‘Colossal’ central bank buying drives gold demand to decade high

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In 2022, demand for gold reached its highest level in more than a decade, fueled by “colossal” central bank purchases that highlighted the safe haven asset’s appeal during times of geopolitical upheaval.

According to the World Gold Council, an industry-backed group, annual gold demand increased 18% last year to 4,741 tonnes, the highest amount since 2011, driven by a 55-year high in central bank purchases.

Many analysts attribute the move to a desire to diversify reserves away from the dollar after the US froze Russia’s reserves denominated in the currency as part of its sanctions against Moscow. Retail investors also piled into gold to protect themselves from rising inflation.

Central banks purchased 417 tonnes of gold in the final three months of the year, nearly a year’s worth more than in the same period the previous year. It brought the annual total to 1,136 tonnes, more than doubling the previous year.

WGC senior analyst Krishan Gopaul said “colossal” central bank purchases are a “huge positive for the gold market,” even though the industry group predicted that matching last year’s purchases would be difficult due to a slowdown in total reserve growth.

“After two decades of net sales, central banks have been net purchasers of gold since 2010. “In this environment, we’ve seen central banks accelerate their purchases to a multi-decade high,” he said. He added that the metal’s lack of “counterparty risk” was a key attraction for central banks when compared to currencies controlled by foreign governments.

Only about a quarter of central bank purchases in the fourth quarter were reported to the IMF. Turkey took in nearly 400 tonnes in 2022, followed by China, which reported buying 62 tonnes in November and December, and Middle Eastern nations.

The remainder, according to gold industry analysts, is accounted for by central banks and government agencies in China, Russia, and the Middle East, which may include sovereign wealth funds.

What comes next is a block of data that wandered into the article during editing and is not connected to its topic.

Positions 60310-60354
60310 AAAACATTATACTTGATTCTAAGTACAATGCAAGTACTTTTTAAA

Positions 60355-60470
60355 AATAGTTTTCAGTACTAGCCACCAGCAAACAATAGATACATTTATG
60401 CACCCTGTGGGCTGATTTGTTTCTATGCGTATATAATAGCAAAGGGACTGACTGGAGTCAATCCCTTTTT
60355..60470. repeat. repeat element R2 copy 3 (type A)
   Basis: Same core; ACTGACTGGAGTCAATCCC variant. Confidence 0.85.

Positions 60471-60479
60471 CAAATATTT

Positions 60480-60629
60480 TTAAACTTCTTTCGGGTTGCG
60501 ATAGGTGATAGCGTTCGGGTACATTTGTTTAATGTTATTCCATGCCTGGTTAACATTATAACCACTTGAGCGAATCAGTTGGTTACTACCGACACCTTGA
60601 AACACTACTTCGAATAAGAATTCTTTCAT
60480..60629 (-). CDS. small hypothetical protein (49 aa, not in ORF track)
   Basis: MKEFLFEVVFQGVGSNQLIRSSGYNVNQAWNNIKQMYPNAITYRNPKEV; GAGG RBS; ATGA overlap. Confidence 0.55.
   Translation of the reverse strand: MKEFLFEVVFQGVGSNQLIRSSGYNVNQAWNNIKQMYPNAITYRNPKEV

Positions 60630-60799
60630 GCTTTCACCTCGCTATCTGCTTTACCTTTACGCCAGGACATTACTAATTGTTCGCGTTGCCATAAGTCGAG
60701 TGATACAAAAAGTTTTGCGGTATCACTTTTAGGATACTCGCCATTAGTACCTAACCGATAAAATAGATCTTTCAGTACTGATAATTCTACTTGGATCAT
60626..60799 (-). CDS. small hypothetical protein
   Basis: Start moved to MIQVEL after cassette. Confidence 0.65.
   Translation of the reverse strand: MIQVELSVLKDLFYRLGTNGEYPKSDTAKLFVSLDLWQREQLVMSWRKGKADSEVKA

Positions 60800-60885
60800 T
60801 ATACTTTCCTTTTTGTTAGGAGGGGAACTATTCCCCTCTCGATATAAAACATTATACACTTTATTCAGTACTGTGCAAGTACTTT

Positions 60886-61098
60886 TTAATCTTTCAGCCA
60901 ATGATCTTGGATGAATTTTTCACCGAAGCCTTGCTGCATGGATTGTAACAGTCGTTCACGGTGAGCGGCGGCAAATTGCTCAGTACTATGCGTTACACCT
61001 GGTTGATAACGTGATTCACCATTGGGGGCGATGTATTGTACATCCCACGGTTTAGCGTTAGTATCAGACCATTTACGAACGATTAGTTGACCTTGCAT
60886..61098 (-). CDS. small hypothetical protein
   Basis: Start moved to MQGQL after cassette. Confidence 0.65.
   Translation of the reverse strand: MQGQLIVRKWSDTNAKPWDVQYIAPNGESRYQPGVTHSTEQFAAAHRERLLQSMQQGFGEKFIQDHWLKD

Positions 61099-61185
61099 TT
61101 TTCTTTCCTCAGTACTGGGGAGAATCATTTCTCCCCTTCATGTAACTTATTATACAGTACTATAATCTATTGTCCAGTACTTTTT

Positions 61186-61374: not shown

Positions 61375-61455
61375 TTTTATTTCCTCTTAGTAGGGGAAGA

“Portfolio diversification is the main reason,” said James Steel, a veteran precious metals analyst at HSBC, for US dollar-laden central banks buying gold. “A key reason for choosing gold is that central banks are limited in what assets they can hold, and they may be hesitant to commit to other currencies,” he adds.

Demand for bar and coins among retail investors increased to a nine-year high in 2022, exceeding 1,200 tonnes, with strong demand in Europe, Turkey, and the Middle East offsetting weakness in China, where buyers were confined to their homes due to Covid lockdowns.

Gold prices fell from a record high above $2,000 per troy ounce in March to just above $1,600 per troy ounce in November as rising interest rates caused $3 billion in outflows from gold-backed exchange traded funds over the year. When interest rates on low-risk bonds rise, gold’s appeal to investors diminishes.

However, demand from central banks and retail investors helped to keep the yellow metal from falling further, setting the stage for a powerful rally that has lasted since November.

Gold has risen nearly a fifth in three months to $1,928 per troy ounce, its highest level in nine months, aided by the US Federal Reserve signaling that it will slow the pace of rate hikes.

The World Gold Council anticipates a rebound in institutional demand for gold this year as interest rates in major economies approach their peak, while falling inflation may dampen demand for bars and coins.

UBS raised its year-end target for gold to $2,100 per troy ounce, up from $1,850 previously, due to exceptional central bank buying and an expected return of inflows for gold-backed ETFs.